¶18 This Court has stated in Baker v. State, Okl.Cr., 433 P.2d 525 (1967):
"The defendant's right to a jury trial concerning his sanity is predicated upon the trial judge's doubt as to the issue of present sanity."
In Helms v. State, Okl.Cr., 456 P.2d 907 (1969), it was held that a mere statement by defense counsel that defendant is not capable of assisting in his defense, does not make it imperative for a judge to order a separate jury hearing on the issue of defendant's present sanity. In the instant case we conclude from the record that there was sufficient evidence before the trial judge, coupled with the presence of the defendant himself, for the judge to reach a conclusion in his own mind that the defendant was not mentally incompetent in the legal sense.
¶19 However, insofar as the question was raised at trial, and was again raised on this appeal, this Court entered an Order on February 14, 1974, requiring that James Edward Fox be taken to the Eastern State Hospital at Vinita, Oklahoma, for the purpose of determining his mental condition. The Order required, insofar as possible, that the medical authorities make a determination of the present mental condition of the defendant, as well as his mental condition at the time of trial. On March 25, 1974, this Court received a communication from the Eastern State Hospital which provides, in part, the following:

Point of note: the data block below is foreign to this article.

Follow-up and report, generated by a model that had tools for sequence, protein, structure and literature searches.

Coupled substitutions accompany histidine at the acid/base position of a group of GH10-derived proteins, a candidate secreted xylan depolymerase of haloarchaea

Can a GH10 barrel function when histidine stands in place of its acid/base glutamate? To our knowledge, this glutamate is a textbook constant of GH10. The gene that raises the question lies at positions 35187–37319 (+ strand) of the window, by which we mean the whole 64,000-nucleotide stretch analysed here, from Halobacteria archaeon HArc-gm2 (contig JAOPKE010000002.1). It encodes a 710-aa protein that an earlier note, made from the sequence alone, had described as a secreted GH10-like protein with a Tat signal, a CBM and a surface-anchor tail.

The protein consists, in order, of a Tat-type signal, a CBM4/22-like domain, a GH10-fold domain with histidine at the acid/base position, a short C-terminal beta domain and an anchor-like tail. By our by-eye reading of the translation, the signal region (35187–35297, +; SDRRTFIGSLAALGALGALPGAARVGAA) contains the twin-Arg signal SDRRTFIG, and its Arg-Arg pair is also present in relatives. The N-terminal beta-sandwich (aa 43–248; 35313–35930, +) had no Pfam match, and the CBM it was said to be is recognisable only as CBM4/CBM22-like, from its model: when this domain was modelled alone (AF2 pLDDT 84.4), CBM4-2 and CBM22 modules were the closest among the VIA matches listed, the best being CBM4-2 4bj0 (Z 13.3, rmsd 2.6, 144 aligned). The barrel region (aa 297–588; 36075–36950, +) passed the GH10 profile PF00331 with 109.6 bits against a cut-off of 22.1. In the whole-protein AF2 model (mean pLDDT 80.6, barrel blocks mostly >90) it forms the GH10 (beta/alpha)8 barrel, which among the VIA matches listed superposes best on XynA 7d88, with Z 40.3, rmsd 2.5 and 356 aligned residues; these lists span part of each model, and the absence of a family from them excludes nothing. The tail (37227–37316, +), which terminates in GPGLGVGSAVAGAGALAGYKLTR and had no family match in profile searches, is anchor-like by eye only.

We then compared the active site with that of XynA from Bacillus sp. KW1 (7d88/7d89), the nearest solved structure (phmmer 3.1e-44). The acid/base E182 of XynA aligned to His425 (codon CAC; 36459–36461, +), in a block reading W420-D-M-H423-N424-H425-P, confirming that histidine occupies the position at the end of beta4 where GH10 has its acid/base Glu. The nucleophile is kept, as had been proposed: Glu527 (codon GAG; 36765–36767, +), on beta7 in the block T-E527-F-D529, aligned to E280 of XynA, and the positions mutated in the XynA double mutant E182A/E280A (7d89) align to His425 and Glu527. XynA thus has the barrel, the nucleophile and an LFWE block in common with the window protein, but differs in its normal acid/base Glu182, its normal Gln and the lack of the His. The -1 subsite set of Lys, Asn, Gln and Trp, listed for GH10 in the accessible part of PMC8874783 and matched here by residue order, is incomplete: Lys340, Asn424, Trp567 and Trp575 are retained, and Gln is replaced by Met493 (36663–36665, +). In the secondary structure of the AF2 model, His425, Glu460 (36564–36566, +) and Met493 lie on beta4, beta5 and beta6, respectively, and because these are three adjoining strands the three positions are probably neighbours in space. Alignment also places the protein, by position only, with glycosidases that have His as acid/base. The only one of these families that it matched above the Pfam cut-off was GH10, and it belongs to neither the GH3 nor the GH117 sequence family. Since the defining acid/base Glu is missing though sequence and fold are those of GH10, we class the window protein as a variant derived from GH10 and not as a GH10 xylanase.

"As to his present mental condition, he was diagnosed by our medical authorities on the 19th of March, 1974, as Phoebic neurosis with Anti-social personality and Drug dependent, opium, opium alkaloids and their derivatives as corollaries. As mentioned above, Mr. Fox was staffed on March 19, 1974, and at that time, as well as during his stay at Eastern State Hospital, was medicated with 150 milligrams of Mellaril q.i.d. During the interview, he was able to distinguish right from wrong and in a mental condition commensurate with the ability to aid legal counsel in his own behalf."